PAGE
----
The Conundrum of Coercion

Last week, I wrote about the conundrum of choice, the fact that you have so many choices available to you in the mirrorless camera market. 

Today, I want to explore the opposite of that, the conundrum of coercion. The camera makers want you to buy certain models, and at higher prices. Yes, choice and coercion are happening simultaneously. 

The easiest place to see what’s going on is in the Fujifilm X lineup. Not very long ago, we had as many as eight models to choose from. Today, if I’m understanding the current situation correctly, only four models actually remain in the lineup. The X-Pro3 has been discontinued, while the X-T30 II is out of stock everywhere and rumored to have been discontinued. Thus, we’re left with: X-T5, X-H2, X-H2S, and X-S10. If the X-T30 II is disappearing and with the X-E4 already gone, that reduces the lower-cost APS-C Fujifilm models to just one: the X-S10. 

Some makers, such as Canon, built enough inventory—somehow despite the supply chain shortages—that older models continue to linger. You can still buy an R, RP, R6, M50, and M200 camera in many places, though we’re starting to see the usual “backorder” messages starting to show up, which for an older body is just one step removed from “discontinued.” At least in Canon’s case, lower cost products aren’t completely disappearing (R50, R10, even R8 could also be said to be “lower cost”). But then again, Canon seeks 50% market share as a primary goal, and the only way they’ll get to that is by selling lower-end products. I’m pretty sure that Canon doesn’t get a 50% market share of pros with the R3 ;~).

Then there’s the way things are working at Nikon lately: when a Z6 kit starts selling for more than the same Z6 II kit, that’s an indication that B&H and other companies have limited supply and aren’t likely to replace it. (You may wonder about who would buy an older model over a new model at a higher price. Some businesses require a specific model for a reason, typically because they’ve built procedures/practices around it.)

The coercion bit of the headline is that every camera maker wants to take you higher. In price, that is, not in elevation. 

Even Sony’s recent vlogging cameras reveal that, though in a different way: first came the lowish price ZV-1 (1” sensor), then they released a ZV-10 (APS-C sensor, higher priced once you factor in a lens), and most recently Sony launched the ZV-E1 (full frame, top price). In what order do you think those models will eventually be discontinued? ;~)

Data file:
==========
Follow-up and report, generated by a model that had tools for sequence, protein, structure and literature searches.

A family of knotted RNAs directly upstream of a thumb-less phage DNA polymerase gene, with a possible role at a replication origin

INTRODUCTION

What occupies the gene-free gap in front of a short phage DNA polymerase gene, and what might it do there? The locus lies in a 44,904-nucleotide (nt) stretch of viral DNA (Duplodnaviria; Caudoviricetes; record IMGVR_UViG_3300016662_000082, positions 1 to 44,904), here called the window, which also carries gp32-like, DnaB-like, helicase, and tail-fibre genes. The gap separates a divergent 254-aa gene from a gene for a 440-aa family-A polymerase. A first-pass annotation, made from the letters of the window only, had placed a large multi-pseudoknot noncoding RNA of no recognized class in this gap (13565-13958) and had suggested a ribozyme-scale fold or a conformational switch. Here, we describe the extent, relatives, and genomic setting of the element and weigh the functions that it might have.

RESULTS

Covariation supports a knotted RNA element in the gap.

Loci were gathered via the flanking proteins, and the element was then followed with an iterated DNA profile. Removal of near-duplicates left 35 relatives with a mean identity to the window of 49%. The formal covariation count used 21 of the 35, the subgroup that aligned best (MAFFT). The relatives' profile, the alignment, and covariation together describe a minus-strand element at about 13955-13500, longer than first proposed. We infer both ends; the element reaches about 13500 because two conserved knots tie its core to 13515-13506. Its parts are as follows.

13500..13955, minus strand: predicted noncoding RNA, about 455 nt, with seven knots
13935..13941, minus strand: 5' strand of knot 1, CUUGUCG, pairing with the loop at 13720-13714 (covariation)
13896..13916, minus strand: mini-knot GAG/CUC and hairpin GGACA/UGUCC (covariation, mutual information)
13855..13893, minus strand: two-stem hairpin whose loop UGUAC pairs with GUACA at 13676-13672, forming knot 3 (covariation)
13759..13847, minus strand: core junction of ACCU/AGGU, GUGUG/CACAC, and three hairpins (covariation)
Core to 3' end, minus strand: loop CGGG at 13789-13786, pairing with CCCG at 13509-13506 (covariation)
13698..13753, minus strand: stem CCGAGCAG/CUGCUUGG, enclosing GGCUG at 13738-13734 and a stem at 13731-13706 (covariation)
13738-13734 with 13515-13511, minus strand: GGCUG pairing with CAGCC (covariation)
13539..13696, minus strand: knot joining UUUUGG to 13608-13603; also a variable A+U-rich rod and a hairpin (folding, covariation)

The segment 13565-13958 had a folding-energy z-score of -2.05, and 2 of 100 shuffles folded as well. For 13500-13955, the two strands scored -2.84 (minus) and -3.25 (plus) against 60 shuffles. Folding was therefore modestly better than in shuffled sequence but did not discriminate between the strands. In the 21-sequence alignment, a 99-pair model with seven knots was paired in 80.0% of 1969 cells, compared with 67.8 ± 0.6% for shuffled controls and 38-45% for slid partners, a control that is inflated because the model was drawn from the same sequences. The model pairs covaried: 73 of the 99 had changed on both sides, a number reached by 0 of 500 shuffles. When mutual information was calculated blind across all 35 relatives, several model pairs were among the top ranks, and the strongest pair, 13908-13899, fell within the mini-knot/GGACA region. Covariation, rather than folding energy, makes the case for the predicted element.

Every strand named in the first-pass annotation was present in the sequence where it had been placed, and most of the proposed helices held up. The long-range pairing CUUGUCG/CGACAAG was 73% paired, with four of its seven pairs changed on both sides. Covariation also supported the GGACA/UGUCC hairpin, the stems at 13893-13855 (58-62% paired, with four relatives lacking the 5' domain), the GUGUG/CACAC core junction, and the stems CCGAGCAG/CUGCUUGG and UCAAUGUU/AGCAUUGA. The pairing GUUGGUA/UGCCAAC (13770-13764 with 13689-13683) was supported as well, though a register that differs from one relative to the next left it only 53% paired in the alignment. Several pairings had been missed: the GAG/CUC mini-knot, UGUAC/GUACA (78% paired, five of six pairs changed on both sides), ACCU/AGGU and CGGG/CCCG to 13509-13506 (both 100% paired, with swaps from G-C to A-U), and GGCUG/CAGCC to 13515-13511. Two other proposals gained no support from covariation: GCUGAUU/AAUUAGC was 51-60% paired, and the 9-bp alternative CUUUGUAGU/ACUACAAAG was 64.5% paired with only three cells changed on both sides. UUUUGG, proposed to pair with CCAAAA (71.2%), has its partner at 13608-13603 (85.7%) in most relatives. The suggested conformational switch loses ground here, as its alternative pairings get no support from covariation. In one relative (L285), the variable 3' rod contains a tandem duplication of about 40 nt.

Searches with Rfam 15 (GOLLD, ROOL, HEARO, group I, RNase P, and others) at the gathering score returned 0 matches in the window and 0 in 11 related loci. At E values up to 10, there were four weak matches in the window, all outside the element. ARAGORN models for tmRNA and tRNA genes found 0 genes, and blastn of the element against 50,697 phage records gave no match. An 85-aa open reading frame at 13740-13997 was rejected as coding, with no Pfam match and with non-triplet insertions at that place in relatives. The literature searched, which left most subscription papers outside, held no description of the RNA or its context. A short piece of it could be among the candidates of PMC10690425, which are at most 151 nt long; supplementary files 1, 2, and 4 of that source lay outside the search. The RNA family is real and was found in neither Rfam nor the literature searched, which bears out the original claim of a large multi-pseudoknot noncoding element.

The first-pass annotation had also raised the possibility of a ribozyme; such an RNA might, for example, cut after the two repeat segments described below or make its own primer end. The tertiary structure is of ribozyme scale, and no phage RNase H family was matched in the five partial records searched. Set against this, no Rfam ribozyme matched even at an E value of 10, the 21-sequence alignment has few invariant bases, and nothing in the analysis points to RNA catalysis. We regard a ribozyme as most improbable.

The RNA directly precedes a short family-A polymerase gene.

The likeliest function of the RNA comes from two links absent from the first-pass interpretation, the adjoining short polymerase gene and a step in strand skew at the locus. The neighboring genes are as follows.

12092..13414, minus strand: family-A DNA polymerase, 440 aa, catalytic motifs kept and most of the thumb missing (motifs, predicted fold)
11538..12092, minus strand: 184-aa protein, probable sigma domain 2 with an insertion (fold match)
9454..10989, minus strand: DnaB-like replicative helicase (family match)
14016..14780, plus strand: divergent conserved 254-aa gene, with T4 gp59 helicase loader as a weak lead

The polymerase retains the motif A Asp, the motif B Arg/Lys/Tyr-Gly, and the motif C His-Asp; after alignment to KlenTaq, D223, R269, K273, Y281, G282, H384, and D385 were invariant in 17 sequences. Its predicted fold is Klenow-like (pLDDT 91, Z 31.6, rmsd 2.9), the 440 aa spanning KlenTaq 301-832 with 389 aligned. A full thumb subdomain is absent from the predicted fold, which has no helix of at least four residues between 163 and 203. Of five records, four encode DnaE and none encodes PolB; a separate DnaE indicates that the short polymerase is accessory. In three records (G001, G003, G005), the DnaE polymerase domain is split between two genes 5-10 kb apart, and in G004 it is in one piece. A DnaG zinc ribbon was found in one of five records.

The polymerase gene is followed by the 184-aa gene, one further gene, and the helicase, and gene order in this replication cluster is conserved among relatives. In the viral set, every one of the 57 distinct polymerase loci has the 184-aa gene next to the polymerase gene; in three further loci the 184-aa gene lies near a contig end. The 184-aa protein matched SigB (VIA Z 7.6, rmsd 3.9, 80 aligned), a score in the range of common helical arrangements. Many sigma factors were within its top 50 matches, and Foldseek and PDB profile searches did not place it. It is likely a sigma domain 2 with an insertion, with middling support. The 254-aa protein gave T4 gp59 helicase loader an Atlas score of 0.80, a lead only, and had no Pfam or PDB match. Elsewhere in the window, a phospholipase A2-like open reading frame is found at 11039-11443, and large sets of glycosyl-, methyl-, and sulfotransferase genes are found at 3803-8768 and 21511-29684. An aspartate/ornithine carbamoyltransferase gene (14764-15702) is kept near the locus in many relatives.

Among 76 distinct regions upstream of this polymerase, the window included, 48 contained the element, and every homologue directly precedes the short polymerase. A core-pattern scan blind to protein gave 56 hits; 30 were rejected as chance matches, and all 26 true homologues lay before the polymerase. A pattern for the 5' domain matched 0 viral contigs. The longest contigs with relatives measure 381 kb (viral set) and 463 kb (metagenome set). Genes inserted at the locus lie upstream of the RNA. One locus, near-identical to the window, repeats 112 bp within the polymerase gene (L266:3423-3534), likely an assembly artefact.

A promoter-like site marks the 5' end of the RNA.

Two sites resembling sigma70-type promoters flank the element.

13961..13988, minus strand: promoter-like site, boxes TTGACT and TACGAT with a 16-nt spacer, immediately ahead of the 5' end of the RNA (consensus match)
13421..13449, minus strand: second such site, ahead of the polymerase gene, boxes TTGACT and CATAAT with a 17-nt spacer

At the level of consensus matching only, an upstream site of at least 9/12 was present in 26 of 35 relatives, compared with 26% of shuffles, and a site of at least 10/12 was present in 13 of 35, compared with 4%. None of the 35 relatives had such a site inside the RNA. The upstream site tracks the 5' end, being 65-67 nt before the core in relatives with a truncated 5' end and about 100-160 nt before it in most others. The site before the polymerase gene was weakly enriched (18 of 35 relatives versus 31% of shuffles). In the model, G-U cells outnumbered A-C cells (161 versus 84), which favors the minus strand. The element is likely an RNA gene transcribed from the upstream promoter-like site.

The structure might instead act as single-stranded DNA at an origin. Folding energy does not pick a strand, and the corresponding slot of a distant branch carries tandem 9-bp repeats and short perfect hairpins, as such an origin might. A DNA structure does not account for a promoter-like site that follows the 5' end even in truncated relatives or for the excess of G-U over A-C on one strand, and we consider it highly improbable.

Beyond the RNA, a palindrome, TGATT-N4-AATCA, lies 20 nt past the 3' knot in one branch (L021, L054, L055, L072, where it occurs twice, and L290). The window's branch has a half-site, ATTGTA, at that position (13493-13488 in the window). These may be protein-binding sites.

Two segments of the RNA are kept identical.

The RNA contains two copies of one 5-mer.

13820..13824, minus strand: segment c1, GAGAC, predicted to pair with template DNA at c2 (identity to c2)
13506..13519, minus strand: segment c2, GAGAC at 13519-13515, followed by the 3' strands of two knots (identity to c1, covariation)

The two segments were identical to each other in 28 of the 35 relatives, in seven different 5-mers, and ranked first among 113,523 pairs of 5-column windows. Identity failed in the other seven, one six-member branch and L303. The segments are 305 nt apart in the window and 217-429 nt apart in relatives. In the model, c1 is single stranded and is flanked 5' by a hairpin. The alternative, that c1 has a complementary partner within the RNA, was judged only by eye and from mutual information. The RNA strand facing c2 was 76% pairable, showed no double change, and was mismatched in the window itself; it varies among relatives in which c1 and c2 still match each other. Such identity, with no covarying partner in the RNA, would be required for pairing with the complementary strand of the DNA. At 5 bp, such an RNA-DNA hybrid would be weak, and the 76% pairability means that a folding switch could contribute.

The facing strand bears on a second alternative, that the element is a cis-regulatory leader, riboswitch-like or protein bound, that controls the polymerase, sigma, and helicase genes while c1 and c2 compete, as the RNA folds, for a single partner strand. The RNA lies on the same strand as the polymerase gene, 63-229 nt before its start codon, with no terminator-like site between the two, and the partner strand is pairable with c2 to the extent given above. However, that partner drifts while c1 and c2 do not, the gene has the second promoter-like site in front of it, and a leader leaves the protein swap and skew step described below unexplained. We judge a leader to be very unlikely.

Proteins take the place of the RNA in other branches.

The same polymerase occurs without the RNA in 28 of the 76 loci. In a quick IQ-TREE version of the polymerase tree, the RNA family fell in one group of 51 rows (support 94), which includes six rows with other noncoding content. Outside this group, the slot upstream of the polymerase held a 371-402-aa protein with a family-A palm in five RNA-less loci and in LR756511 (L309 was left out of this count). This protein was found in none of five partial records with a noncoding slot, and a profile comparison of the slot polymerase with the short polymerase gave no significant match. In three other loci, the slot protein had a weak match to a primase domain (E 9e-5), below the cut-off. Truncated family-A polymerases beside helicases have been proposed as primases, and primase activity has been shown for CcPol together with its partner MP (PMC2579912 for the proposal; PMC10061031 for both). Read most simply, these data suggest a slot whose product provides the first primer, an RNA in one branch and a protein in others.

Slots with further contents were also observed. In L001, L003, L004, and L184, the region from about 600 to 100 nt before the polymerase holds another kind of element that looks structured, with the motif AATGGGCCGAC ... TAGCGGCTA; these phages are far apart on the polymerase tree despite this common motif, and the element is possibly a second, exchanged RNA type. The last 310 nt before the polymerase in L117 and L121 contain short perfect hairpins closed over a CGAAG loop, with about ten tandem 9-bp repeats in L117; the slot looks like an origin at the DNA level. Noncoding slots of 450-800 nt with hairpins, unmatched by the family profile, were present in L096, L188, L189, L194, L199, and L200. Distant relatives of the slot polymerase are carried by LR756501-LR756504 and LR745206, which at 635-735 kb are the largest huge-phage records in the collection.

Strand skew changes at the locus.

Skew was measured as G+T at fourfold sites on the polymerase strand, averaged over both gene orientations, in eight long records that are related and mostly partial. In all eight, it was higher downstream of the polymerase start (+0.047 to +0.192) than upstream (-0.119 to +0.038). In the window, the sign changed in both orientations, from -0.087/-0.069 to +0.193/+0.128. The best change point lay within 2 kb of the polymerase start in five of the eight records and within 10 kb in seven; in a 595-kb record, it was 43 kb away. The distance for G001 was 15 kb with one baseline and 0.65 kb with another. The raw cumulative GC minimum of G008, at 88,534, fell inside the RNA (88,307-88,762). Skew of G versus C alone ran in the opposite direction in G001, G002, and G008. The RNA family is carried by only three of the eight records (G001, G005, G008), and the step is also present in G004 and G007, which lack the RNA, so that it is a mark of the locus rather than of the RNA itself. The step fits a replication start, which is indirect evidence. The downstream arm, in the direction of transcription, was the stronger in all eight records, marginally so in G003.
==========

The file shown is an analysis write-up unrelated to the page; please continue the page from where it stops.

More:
A quick check of CIPA numbers will tell you all you need to know. For instance, in 2022 mirrorless unit volume increased 31%. But the implied cost of those same products increased 61%. 

For a long time, even back into the 90’s, the camera companies have been a little more concerned about total dollars (yen) taken in than they have been for volume. I’m going to distort things a bit by just looking at the last four complete years, which were obviously impacted by COVID, but you’ll see something interesting in the overall sales numbers:

  • 2022 — 681b yen
  • 2021 — 489b yen
  • 2020 — 420b yen
  • 2019 — 587b yen

I’m pretty sure the Japanese camera companies would collectively be happy with the market being back in the 700-800b yen range again (2016 to 2018 levels), and there’s a good chance they’ll get there this year by simply coercing you to buy higher. As it is, all of the camera companies have reported strong sales for their just ended fiscal years. So if they can coax another 100b yen out of the market, they’ll be even happier. 

The downside to getting you to buy higher is that you’re going to less inclined to buy as often. In other words, the camera makers may be emphasizing short term results over long term. But then again, they’ve always tried to micromanage the market to their revenue needs. If you stop buying, watch for a reversal of pushing product upward and a renewed emphasis on collecting new users at the bottom at lower prices. 

To use my oft-used shorthand words, this is not a time to be sampling, leaking, or switching. If you try to do that at low prices, you’ll get older gear that will feel outdated quickly. If you try to do that a higher prices, well, I hope you have a lot of disposable income. 

I’ve written it elsewhere, but I’ll repeat it here: I believe we’ve entered an era of “ride the horse you’re on.” While I see complaints on virtually every mount that there are “missing products,” I’d also argue that there is a plethora of perfectly fine products already available, and what you should be concentrating on is building your lens collection for the mount you’ve chosen. 

That’s what I’ve been doing lately. The gear closet has gotten a lot leaner as I’ve sold off gear outside my primary mount and just concentrate on the few products I use over and over. I have a slight advantage over you in that I can still sample other products via loaners from the camera companies and B&H. But in terms of my actual kit, I’d say that it’s basically back down to a couple of bodies and less than a half dozen lenses that are getting used in my event, sports, and wildlife work. And I’m perfectly happy with that (as should you if you do the same thing). 

My advice: go ahead and be coerced into a higher-end camera in your chosen mount that’s going to last you for the foreseeable future—every maker has more than one that should qualify—and then be wise about the lenses you add. Spend time, not money, practicing the art of photography with that small quiver you end up with. 

Note this is consistent advice to what I recently wrote on about buying gear you grow into, not grow out of.

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